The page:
The reputation of Marqués de Murrieta, and its Ygay Estate, is as old as it is illustrious. Founded in Rioja in 1852 by Luciano de Murrieta y Garcia-Lemoine, who held the royal title of Marqués de Murrieta, Marqués de Murrieta was first established in Logroño and is the oldest operating winery in Rioja. And, while it’s true that longevity is a component of its prestige, the arrival of Garcia-Lemoine also represented a turning point for the region in terms of both technique and the quality of the wines being created. Prior to opening his winery, Garcia-Lemoine spent time in Bordeaux learning how to make wines of a finer character than was typical for the time, and those skills were put to good use in Rioja.
Nearly 100 years later in 1983, the estate and the 3,000-square-meter granite palace that shares the same name were purchased by Vicente Cebrián, the Conde (Count) de Creixel. Only three years later, Cebrián died suddenly and unexpectedly of a heart attack, leaving his son, Vicente Dalmau Cebrián-Sagarriga, as the inheritor of the estate and in charge of the business.
It was a very challenging time for the young Cebrián-Sagarriga and he weathered it partially by building a stellar team, including his talented head winemaker, María Vargas, who joined the winery in 1995. Cebrián-Sagarriga also invested heavily in updating the winery and its existing structures, to date spending approximately $60 million on the project. However, this investment also came with its own challenges: how do you innovate and update a winery with such historical importance without disrupting the existing traditions and heritage?
The following interview has been edited for length and clarity.
What was it like when you became the owner of the winery?
My life changed in 1986 when my father passed away when he was really young, 47 years old, from a heart attack. I was quite young, just 24 years old, and had just finished my education. Although, I was quite involved in the wineries because I had come to work with my father when I was even younger. I began to work at the winery while I was studying at the University of Navarra. I remember perfectly when I was 18 years old I was in my first course at the university and my father called me and told me, "Dalmau, I confirmed that our export director is not going to work any more with us." I asked him, "Did you find another one?" and he said, "I found another one: it's you."
How did you feel about that?
At that moment I hated my father. I'm working with [him] at the winery, but I need to be at the university, I need my time here. But he was tough, he said no. He said I need to finish my education but I need to work with him and to travel.
Was that hard?
In one way it was difficult, and in another way it was really attractive. When I was 18 years old I'd already visited 50 different markets and countries. Was it easy? No. But it was really, really attractive in the way that I was educated. Not many people who are that age have worked in 50 different markets and countries. So you have these two opposite ways of looking at this: difficult and hard, and at the same time, unique and nice.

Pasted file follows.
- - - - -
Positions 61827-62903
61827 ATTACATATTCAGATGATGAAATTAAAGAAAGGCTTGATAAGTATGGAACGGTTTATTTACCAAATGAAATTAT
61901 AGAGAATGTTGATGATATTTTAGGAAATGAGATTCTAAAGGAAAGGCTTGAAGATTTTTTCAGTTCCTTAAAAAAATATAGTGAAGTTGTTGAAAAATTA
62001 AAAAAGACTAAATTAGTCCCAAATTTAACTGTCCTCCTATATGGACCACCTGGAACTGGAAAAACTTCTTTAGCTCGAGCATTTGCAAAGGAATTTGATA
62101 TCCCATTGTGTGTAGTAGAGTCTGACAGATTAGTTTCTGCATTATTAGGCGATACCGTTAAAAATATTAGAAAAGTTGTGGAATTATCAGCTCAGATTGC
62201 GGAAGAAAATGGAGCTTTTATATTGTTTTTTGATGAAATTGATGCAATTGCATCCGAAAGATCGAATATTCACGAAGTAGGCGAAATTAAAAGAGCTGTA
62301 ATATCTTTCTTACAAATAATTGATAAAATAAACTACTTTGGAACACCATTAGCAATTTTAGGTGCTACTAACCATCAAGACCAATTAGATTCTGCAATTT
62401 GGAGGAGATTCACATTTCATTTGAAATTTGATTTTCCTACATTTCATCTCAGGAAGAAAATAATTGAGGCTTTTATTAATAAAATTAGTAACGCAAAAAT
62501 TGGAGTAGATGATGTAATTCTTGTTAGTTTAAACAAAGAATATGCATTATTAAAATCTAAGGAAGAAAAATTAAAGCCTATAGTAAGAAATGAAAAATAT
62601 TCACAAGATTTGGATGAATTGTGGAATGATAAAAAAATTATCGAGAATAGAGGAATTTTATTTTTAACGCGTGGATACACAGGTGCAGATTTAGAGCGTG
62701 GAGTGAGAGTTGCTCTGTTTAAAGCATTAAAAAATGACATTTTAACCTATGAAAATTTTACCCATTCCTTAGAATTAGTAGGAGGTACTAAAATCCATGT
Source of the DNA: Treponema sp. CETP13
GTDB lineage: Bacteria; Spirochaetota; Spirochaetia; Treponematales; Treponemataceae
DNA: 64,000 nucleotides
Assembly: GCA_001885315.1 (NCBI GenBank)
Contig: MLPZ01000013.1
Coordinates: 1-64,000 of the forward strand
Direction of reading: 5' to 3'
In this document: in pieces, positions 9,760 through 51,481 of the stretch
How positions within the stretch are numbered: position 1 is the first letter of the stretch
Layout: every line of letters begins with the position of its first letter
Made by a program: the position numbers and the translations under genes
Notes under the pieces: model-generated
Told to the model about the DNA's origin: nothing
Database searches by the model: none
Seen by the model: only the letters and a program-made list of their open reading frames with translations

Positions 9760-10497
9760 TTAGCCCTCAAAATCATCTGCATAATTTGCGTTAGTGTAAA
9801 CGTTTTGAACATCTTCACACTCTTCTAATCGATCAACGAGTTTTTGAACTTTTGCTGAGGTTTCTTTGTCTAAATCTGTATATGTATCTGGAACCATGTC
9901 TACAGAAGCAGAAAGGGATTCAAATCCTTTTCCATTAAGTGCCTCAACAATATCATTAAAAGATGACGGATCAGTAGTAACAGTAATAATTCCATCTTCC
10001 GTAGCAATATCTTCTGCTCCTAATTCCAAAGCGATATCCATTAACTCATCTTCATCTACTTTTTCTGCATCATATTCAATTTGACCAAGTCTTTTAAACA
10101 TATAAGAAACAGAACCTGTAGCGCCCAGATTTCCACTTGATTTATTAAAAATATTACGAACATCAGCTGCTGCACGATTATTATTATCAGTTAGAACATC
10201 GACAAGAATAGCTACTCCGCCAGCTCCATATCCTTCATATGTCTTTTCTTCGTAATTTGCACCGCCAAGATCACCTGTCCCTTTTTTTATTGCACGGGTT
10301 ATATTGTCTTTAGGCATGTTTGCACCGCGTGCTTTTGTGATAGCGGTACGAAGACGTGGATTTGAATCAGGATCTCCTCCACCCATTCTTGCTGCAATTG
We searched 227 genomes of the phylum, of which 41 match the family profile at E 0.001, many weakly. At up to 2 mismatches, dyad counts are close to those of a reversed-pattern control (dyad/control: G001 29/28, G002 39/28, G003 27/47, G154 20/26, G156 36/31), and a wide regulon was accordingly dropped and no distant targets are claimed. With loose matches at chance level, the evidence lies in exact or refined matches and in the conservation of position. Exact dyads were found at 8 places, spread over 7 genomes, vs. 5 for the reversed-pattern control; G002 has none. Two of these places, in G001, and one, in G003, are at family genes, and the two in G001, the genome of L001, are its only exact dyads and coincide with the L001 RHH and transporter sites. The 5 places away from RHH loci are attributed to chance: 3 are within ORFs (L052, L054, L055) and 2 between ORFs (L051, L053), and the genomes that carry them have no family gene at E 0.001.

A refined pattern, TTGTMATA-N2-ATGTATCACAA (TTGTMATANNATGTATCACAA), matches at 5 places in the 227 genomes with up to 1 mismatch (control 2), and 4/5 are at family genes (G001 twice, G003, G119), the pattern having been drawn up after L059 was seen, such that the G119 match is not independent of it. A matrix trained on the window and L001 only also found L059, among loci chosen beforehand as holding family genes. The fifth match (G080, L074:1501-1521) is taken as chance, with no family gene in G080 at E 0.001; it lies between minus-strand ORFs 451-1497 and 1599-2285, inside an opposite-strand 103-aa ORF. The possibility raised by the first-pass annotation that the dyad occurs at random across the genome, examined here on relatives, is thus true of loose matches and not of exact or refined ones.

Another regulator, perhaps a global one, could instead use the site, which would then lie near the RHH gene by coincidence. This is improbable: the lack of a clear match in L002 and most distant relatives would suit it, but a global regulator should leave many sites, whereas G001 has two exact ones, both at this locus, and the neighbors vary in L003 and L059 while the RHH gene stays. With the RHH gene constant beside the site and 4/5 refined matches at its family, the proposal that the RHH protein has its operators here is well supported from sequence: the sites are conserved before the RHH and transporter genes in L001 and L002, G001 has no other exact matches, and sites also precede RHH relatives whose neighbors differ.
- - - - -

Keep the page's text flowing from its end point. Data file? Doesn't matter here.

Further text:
When my father died, and it was like two shocks. The first shock is inside your family. I had three sisters younger than me, plus my mother was really young. To lose a father so young . . . And then the second shock is in a professional way, as the boss of a lot of companies that my father owned. Not just the winery—he was also involved in real estate and in a lot of other companies. He was the only one, and then everyone was looking at me.
What kind of changes have happened at Marqués de Murrieta?
I decided to concentrate 100% on wine. I hired a new team to work with me on the wine, a young, young team that were really feeling and thinking the same things about wine. After this new young team came on I decided to move forward to update the whole project. I began with the wines and updated all of the different styles inside Murrieta. I decided that it was really important to do it in a slow way. It's not good for the wine, for the winery, to do it in a rushed way. I decided I needed a minimum of 10 or 12 years.
Meanwhile, I decided to begin to show the market what we wanted to do. I decided to release another wine, Dalmau, and it was like a shock for the legacy of Murrieta—the first winery in Spain, the first winery in Rioja that is known for making a classic style of wines. It was a modern style of Rioja, far away from the concept of Rioja, far away from the typical taste of Rioja. We created this—it was made in a totally different way. We began to show that we wanted to produce wines with a lot of fruit, less oak, younger oak, and more balance between oak and barrel. Trying to send a message that there's a new era of Marques de Murrieta.
What was the reaction like?
I think the market had two reactions. One reaction was when the wine was analyzed just as a wine, and the market was really in love with the wine. But there was a second reaction when they realized that the wine was coming from Marques de Murrieta. Some people were really attracted to the idea, but some people criticized that a classic concept like Murrieta was doing something like this.
Have things changed significantly at the winery?
The identity of our wines is still there. I didn't change anything, I mainly updated many things that I thought were not ideal for the new era. It was too big to change things completely. When you've worked for 160 years there's no sense in changing many things. You need to update, you need to bring your winery, your wines, your project, to the year in which you're living. When I use the word "change" I use it in this sense: I changed everything so that it would stay the same.
Photos courtesy of Marqués de Murrieta.
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